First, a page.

Skip to content

Meet the Model -Doug the Dunnock


D23581F2-3272-4C1F-8146-F497DF871DC2Prunella modularis

Length          14 cm
Wingspan    20 cm
Weight.         25 g
Population   2,000,000 pairs

Dunnocks are native to the UK and large areas of Europe with their range spreading as far as Lebanon, northern Iran, and the Caucasus. The ground feeding dunnock’s favoured habitats include woodlands, shrubs, gardens, and hedgerows. The dunnock looks from a distance similar to a house sparrow but the easiest way to tell them apart is the bill.  A dunnock’s bill is thin and pointy, while a sparrow’s is much broader and powerful looking. Sparrows also live in flocks, while dunnocks are rarely seen in more than pairs.
B3C0A181-D7BA-4B4F-B7CE-D575E8E82C2BThe dunnock, a quiet and plain sparrow sized bird measures 13–15 cm in length. It’s also known as the hedge sparrow but it’s not actually a member of the sparrow family , but is instead a member of the family of birds called accentors. It possesses a streaked back, resembling a small house sparrow with a distinctive pattern around the eye. The dunnock has a drab appearance which may have evolved to avoid predation. It is brownish underneath, and has a fine pointed bill. Adults have a grey head, and both sexes are similarly coloured.

Dunnocks are territorial and the male bird may engage in conflict with other male birds that encroach upon their territory. Female territorial ranges are almost always exclusive. However, sometimes, multiple males will co-operate to defend a single territory containing multiple females.

The dunnock possesses variable mating systems. Females are often polyandrous, breeding with two or more males at once, rare among birds. .Males provide parental care in proportion to their mating success, so two males and a female can commonly be seen provisioning nestlings at one nest.

6373BD71-49AD-45CF-A4A2-151A1A2C9B58The dunnock builds a neat nest of twigs and feathers , low in a bush or tree, where adults typically lay three to five unspotted blue eggs at a time. Dunnock’s can have two or three broods a season . Broods, depending on the population, can be raised by a lone female, multiple females with the part-time help of a male, multiple females with full-time help by a male.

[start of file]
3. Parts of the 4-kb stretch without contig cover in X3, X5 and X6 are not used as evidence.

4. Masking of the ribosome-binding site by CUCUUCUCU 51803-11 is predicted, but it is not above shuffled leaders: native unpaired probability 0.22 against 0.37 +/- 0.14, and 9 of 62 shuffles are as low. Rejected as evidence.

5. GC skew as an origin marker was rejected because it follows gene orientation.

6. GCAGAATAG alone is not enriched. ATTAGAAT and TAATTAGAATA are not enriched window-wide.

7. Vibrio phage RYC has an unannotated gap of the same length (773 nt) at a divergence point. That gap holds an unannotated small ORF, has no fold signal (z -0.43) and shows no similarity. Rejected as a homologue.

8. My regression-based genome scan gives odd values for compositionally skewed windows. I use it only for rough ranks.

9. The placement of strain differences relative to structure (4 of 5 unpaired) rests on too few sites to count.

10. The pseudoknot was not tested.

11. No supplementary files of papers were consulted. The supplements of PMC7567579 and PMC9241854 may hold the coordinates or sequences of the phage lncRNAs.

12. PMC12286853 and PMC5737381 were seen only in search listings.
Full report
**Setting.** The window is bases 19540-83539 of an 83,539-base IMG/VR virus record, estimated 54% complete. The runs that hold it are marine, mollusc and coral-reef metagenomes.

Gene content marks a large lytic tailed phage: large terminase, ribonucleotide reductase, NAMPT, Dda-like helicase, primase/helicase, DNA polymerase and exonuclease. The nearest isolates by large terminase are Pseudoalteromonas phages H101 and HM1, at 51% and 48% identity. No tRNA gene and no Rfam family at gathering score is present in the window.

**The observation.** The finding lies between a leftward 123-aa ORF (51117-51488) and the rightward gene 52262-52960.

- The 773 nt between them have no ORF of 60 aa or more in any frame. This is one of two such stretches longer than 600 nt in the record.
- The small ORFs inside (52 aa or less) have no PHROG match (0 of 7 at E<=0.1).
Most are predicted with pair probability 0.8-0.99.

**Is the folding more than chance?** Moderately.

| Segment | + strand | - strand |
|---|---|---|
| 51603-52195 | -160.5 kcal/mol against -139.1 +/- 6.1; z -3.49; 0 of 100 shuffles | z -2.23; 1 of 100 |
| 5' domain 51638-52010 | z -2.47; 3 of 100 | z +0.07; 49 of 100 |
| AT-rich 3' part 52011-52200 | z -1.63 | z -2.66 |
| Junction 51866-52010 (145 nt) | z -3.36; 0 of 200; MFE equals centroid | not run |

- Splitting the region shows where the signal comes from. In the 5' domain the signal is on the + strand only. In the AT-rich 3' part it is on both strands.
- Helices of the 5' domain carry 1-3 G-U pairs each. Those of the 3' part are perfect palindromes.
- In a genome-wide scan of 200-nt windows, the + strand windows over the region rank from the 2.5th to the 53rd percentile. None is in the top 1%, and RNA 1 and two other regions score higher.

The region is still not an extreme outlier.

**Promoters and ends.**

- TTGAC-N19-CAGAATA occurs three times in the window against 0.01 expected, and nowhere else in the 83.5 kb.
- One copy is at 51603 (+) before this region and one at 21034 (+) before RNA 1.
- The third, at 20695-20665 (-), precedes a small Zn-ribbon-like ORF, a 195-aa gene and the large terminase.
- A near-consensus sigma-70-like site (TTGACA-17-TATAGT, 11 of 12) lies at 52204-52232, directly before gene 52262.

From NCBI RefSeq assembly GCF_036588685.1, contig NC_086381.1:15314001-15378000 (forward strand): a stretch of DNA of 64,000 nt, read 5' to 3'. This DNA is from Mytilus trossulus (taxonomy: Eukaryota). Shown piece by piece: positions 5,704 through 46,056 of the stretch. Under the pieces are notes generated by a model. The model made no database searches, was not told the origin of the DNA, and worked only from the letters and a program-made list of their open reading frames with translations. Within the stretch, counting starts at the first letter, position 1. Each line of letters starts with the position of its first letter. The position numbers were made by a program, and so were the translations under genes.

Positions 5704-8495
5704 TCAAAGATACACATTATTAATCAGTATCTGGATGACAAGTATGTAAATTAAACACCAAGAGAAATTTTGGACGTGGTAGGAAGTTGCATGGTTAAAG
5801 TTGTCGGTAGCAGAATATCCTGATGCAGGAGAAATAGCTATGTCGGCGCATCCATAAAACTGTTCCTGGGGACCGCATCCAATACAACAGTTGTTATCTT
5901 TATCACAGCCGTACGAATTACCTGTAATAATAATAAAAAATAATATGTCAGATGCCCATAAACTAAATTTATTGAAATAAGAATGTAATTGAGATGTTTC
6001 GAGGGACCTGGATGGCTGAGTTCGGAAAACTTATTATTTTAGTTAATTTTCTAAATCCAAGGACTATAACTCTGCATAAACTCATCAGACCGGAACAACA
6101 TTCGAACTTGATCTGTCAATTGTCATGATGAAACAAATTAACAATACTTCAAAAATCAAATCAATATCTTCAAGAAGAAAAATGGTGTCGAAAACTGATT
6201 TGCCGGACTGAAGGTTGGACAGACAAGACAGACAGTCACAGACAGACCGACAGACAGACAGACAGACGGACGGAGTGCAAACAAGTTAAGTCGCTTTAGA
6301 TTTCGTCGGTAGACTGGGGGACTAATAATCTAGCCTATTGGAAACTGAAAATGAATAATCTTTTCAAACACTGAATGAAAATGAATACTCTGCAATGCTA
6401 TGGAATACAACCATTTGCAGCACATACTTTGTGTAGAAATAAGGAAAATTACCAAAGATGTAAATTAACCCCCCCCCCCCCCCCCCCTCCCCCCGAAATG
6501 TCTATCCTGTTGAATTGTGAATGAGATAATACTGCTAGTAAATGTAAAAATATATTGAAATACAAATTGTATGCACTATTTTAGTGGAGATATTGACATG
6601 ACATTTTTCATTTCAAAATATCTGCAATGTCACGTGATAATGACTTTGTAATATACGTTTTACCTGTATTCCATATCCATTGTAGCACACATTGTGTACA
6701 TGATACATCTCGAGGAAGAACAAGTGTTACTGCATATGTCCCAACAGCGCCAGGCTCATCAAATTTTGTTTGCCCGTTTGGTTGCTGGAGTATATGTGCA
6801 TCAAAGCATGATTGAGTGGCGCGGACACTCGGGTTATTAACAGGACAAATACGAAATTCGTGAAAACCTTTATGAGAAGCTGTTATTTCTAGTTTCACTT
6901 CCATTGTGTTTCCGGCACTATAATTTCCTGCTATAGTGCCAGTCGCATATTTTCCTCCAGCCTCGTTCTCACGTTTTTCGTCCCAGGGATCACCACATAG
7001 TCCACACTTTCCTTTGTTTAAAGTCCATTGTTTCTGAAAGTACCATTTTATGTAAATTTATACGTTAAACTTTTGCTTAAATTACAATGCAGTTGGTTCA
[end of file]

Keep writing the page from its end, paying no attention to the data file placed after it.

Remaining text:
A Cuckoo in the nest. Dunnock’s are one of the cuckoo’s favorite host’s. a female cuckoo will remove one of the dunnock’s eggs and then lay one of her own eggs. The cuckoo’s egg is completely different from the dunnock’s egg but is still not rejected.

The dunnock can be found mostly on the ground , feeding on a diet of spiders , ants , worms , insects during the summer with seeds and berries during autumn and winter.

Conservation status.

Classified as Amber in the UK under birds of conservation concern . as with most wildlife in the uk the dunnock is protected under the wildlife and countryside act , 1981.



Our resident hedgehog was once again up and looking for food. Just shows the importance of leaving out supplemental food and clean water. Our little friends need all the help they can get.

The balance between technical and creative

The balance between technical and creative by Bob Brind-Surch Those of you who know me or have been on any of my workshops will have heard me talk about how I feel that my photography is moving on from simply being technical craft to something more. When I started in photography I was happy to […]


Meadow date 20th Jan 2021 Today was my first visit to the meadow for some time . The foundations for the hide are now finished , so today was a chance to review access to the site . So now all I need to do is arrange to transport the hide to site. New visitors […]

2 replies »

Leave a Reply

Fill in your details below or click an icon to log in: Logo

You are commenting using your account. Log Out /  Change )

Google photo

You are commenting using your Google account. Log Out /  Change )

Twitter picture

You are commenting using your Twitter account. Log Out /  Change )

Facebook photo

You are commenting using your Facebook account. Log Out /  Change )

Connecting to %s

All images © Wild by Photographic Solutions 2018


%d bloggers like this: